But what Ariadne discovered on her walks with the Meadow was that there were bigger places to see. The multiverse hangs in the metaverse, a room where all the universes hang like sheets on a great hypermagnetic wave. And the Xenoverse is the weather outside that room that causes the wave. And the Hyperverse is the weather system that causes those winds. And the Hyperverse is the impossibly giant ecology that contains all things. Ariadne, of course, knew as well as you and I that weeds get bloody everywhere. So it was not an impossibly long time before she, in a boat of Meadow, could look down on all of creation and know that everything everywhere was really nothing more than things growing. And she, no less than a clever woman who never learned not to ask questions, did look down, and smiled.
Words by Warren Ellis, pictures by Molly Crabapple.
The giant wrap-up of things I’ve made that you can buy for the holidays. The last day to order in order to get things for Christmas is 12/15.
Have Molly Crabapple do a custom portrait illustration for you! Your original artwork will be drawn on 13 x 19″ stained art paper with pen, ink, gouache and dye. It will be in a similar style to the image listed. Please be prepared to send one or two photos that clearly shows the subject’s face within 5 days of commission purchase. Limited to ten portraits, guaranteed delivery by the holidays with timely delivery of photographs.
For 2013, Molly Crabapple will produce one limited edition 8×12″ (paper size) silkscreen per month. You can purchase the full year’s worth of silkscreens, which will be released on the first of every month & mailed to you. If you order the year in advance, you will also receive a hand made portfolio case to store your artwork in, emblazoned with the “Art of Molly Crabapple” logo.
+ Subcribe to Silkscreen of the Month here
A few weeks ago, I went to Madrid for the general strike, where I swigged whisky, watched teenage anarchists smash banks, and drew mass protests. I wrote and sketched it for VICE.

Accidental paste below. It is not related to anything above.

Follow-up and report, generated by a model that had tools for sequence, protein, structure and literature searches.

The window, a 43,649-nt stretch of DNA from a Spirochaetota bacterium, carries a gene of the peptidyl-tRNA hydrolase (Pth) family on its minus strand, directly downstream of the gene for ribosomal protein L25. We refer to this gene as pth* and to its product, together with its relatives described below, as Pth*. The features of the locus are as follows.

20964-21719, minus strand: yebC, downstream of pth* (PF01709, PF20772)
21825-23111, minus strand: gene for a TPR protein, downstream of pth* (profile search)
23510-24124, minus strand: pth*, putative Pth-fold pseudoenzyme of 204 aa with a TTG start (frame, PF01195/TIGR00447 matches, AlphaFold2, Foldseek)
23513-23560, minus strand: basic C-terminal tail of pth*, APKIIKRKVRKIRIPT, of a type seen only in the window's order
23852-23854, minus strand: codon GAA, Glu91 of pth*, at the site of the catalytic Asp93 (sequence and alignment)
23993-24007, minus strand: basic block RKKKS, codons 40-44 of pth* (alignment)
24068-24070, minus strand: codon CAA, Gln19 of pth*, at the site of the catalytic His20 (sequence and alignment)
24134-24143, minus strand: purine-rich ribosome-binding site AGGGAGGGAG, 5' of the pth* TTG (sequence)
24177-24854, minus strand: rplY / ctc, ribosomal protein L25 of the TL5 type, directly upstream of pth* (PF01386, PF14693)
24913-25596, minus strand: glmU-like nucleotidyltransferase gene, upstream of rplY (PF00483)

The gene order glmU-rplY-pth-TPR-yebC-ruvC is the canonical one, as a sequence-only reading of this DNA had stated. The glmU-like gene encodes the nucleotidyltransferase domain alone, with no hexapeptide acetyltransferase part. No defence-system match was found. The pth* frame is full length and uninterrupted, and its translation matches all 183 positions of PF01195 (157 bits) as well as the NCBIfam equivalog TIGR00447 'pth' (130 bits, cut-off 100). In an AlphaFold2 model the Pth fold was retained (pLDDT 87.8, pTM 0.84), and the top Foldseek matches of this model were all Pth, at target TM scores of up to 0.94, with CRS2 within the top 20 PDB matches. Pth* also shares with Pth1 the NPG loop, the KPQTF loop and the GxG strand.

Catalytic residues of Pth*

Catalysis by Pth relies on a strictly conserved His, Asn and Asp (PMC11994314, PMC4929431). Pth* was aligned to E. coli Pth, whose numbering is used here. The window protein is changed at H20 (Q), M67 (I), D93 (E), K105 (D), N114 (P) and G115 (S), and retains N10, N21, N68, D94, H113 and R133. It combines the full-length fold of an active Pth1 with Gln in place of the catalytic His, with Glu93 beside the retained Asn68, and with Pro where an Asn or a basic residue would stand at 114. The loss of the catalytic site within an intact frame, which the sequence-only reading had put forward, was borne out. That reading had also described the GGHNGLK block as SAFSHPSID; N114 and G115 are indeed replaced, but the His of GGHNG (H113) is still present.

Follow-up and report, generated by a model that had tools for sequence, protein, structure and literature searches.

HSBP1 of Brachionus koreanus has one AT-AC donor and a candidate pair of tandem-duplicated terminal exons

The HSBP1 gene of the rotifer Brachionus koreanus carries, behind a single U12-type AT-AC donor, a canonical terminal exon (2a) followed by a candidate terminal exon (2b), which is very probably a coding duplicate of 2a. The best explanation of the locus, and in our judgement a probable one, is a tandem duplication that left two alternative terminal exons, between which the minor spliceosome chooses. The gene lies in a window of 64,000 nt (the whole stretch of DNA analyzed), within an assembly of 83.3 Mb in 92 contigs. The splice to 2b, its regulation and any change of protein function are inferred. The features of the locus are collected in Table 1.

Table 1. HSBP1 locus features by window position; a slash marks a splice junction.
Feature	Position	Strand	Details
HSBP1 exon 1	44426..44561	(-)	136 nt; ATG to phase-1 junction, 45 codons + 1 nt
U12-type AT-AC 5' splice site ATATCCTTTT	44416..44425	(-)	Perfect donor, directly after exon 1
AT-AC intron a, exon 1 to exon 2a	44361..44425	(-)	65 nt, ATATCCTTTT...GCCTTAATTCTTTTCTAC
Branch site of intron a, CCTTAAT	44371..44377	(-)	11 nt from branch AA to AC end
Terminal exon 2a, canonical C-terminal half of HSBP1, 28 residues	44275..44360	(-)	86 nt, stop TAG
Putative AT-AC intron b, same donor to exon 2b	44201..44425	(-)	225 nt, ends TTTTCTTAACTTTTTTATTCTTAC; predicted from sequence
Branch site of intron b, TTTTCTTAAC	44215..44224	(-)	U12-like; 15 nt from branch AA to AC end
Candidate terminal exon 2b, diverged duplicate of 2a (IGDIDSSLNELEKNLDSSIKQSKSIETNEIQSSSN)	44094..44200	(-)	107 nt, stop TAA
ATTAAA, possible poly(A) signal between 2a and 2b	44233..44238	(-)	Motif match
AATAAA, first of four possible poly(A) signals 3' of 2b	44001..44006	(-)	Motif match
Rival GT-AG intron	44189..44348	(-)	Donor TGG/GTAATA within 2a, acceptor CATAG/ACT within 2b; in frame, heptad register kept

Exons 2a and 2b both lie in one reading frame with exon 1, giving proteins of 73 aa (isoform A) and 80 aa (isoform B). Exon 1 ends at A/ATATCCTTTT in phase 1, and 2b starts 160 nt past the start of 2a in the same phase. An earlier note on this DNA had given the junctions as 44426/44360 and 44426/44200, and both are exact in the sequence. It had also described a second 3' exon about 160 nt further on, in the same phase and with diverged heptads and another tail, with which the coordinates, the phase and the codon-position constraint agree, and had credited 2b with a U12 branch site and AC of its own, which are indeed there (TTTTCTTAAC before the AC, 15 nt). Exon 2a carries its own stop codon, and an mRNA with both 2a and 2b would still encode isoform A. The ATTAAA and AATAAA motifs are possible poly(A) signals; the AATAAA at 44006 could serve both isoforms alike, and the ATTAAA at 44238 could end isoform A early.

Of course, protest doesn’t change the world. By itself, protest is carnival. Masquerade, song, fire- liaisons made and kings mocked. Daily gray briefly overturned. Rebellious ecstasy that ultimately serves to keep the hierarchy in place. Those in power, if they’re a speck self aware, allow carnival as a safety valve. Carnival is not power itself.
Ladies and gentlemen! Today BoingBoing.net is premiering the short animation “I Have Your Heart” directed by Jim Batt, illustrated by Molly Crabapple, with a song by Kim Boekbinder. 2 years of paper cuts and patience!
Last week, Hurricane Sandy hit New York. I was one of the million or so people without power or water. The day after we walked past downed trees and the looted stores at South Street Seaport (someone really wanted sensible women’s office wear).
flares guiding people onto the blacked out Williamsburg Bridge
A week later, we’re fine, but much of the city is not. The Rockaways, Red Hook, Staten Island, and other neighborhoods are devastated. Me, Fred, and photographer Kate Black hitched a ride on the 666 Burger Truck to Rockaway Parkway, to hand out delicious fried foodstuffs. One girl nearly wept, at having had her first hot meal in a week.